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For starters, novelty coins mean different things to different collectors.
Some find novelty coins sentimental. Others like the unique nature of the novelty coin.
Many collectors like the designs found on novelty coins.
Novelty coin collecting has its devoted followers, and to these collectors, some novelty coins hold significant monetary value.
Novelty Coins = Exonumia
Novelty coins generally include
- elongated coins
They are often legal tender coins that have been privately modified or altered in some way after being minted.
However, generally the act of collecting novelty coins falls into the category of “exonumia.”
Exonumia refers to objects that are produced to resemble coins (but not public legal tender) — such as medals and tokens.
Examples of exonumia items:
- gambling chips
- casino chips
- tokens produced by stores for redemption of goods
Those who study and collect such novelty coins are called exonumists.
While exonumia items usually do not have the same kind of wide market like legal tender coins do, certain exonumia items do hold significant value — especially to those who seek particular types of items.
Here are links to exonumia clubs, websites, and more.
Types Of Novelty Coin Collections
Let me put it this way: if you have an old token produced by a store that has a large following of loyal fans collecting its memorabilia, then you may find some people among these specific enthusiasts willing to pay a pretty penny for your piece. On the larger market, the token may not sell for very much.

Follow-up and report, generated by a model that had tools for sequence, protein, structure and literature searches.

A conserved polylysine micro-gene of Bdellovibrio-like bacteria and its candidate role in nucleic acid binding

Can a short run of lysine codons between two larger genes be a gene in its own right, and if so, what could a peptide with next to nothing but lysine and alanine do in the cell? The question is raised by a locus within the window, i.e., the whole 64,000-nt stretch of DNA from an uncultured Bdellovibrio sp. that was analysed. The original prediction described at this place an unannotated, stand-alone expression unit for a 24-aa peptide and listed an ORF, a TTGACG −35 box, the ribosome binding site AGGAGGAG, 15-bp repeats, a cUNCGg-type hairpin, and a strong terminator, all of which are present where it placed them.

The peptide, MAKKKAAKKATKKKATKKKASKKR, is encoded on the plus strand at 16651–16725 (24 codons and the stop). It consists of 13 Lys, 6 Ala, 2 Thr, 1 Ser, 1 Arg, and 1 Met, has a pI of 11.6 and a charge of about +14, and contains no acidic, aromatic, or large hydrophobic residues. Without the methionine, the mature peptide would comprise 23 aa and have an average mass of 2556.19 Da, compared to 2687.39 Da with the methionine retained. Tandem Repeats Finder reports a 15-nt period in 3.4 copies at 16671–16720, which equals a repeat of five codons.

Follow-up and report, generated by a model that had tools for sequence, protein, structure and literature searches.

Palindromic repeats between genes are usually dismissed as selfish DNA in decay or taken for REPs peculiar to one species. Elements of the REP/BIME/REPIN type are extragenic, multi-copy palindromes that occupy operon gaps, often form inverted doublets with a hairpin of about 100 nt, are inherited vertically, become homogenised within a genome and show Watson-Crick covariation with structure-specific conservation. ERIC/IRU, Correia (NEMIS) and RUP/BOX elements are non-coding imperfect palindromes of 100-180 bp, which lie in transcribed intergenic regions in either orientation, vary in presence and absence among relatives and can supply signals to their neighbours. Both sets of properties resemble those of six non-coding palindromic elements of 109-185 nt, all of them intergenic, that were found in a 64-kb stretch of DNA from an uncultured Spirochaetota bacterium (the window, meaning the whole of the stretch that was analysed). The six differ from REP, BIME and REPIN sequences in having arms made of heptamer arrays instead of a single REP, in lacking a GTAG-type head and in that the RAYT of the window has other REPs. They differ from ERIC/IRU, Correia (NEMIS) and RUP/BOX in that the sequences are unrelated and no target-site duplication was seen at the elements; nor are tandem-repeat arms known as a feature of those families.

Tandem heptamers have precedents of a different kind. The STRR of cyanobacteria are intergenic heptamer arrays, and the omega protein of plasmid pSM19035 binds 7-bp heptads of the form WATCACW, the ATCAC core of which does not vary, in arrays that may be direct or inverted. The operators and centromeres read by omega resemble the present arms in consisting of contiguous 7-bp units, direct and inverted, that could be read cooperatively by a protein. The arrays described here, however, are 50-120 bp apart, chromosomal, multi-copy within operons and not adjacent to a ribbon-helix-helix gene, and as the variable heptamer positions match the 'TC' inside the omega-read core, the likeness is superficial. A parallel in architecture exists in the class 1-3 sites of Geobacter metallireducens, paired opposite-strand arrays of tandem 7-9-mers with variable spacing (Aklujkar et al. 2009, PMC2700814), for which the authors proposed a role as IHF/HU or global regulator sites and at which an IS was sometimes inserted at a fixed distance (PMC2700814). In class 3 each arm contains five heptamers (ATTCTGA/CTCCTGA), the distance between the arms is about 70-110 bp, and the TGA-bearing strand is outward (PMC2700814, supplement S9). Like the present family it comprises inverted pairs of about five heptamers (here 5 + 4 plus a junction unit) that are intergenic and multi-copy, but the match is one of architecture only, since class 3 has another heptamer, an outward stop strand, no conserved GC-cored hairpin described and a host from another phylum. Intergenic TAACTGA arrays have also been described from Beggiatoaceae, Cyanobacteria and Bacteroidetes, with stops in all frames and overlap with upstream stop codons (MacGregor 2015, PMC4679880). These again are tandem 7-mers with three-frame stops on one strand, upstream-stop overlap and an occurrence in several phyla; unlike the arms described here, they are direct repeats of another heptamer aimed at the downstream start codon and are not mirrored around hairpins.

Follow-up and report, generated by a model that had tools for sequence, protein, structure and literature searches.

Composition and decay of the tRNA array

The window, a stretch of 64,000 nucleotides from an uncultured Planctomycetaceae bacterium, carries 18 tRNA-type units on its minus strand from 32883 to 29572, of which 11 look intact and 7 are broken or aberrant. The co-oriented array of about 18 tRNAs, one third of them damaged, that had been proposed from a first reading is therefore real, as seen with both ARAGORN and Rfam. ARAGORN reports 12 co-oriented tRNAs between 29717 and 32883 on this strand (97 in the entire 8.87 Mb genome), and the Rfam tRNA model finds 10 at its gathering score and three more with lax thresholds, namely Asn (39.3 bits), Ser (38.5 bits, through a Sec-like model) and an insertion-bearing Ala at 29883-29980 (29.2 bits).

- Collectors of theme park souvenirs may be willing to pay much more than other buyers for the elongated coins sold at these amusement parks.
- Many Civil War enthusiasts will go great lengths to obtain any of the various medals and tokens that private enterprises struck at the time.
- Wooden nickel and Hobo nickels have particularly large groups of collectors. In fact, Hobo nickels are one of the most popular examples of a type of novelty coin. Hobo nickels are Buffalo nickels (struck from 1913-1938) which have received intricate carvings on the Indian head and/or the buffalo images on these coins.
- If you have a medal bearing a depiction of some famous person with a large fan base, you will likely find higher offers to buy your piece among those fans than from typical buyers in the mass market who are rather indifferent to that celebrity or historic figure.
- Don’t forget, tokens produced by mass transit authorities also are popular among many, so never overlook these in your novelty coin collecting.
- Other types of novelty coins include those coins which look like legal tender but have been colorized and those that have had inscriptions or other images added to them. Many of these coins are very common, have little value, and are often sold through various types of outlets.
U.S. Mint Commemorative Coins
It is important to remember that commemorative coins produced by the United States Mint are not considered novelty coins.
These are legal tender coins that actually have fairly consistent, well-monitored, and widely cataloged values and prices.
U.S. Mint commemorative coins are simply referred to as commemorative coins and are listed, bought, and sold within that general category.
My love for coins began when I was 11 years old. I primarily collect and study U.S. coins produced during the 20th century. I'm a member of the American Numismatic Association (ANA) and the Numismatic Literary Guild (NLG) and have won multiple awards from the NLG for my work as a coin journalist. I'm also the editor at CDN Publishing (a trusted source for the price of U.S. rare coins), editor at the Florida United Numismatists Club (FUN Topics magazine), and author of Images of America: The United States Mint in Philadelphia (a book that explores the colorful history of the Philadelphia Mint). I've contributed hundreds of articles for various coin publications including COINage, The Numismatist, Numismatic News, Coin Dealer Newsletter, Coin Values, and CoinWeek. I've also authored nearly 1,000 articles here at The Fun Times Guide to Coins — and I welcome your coin questions in the comments below!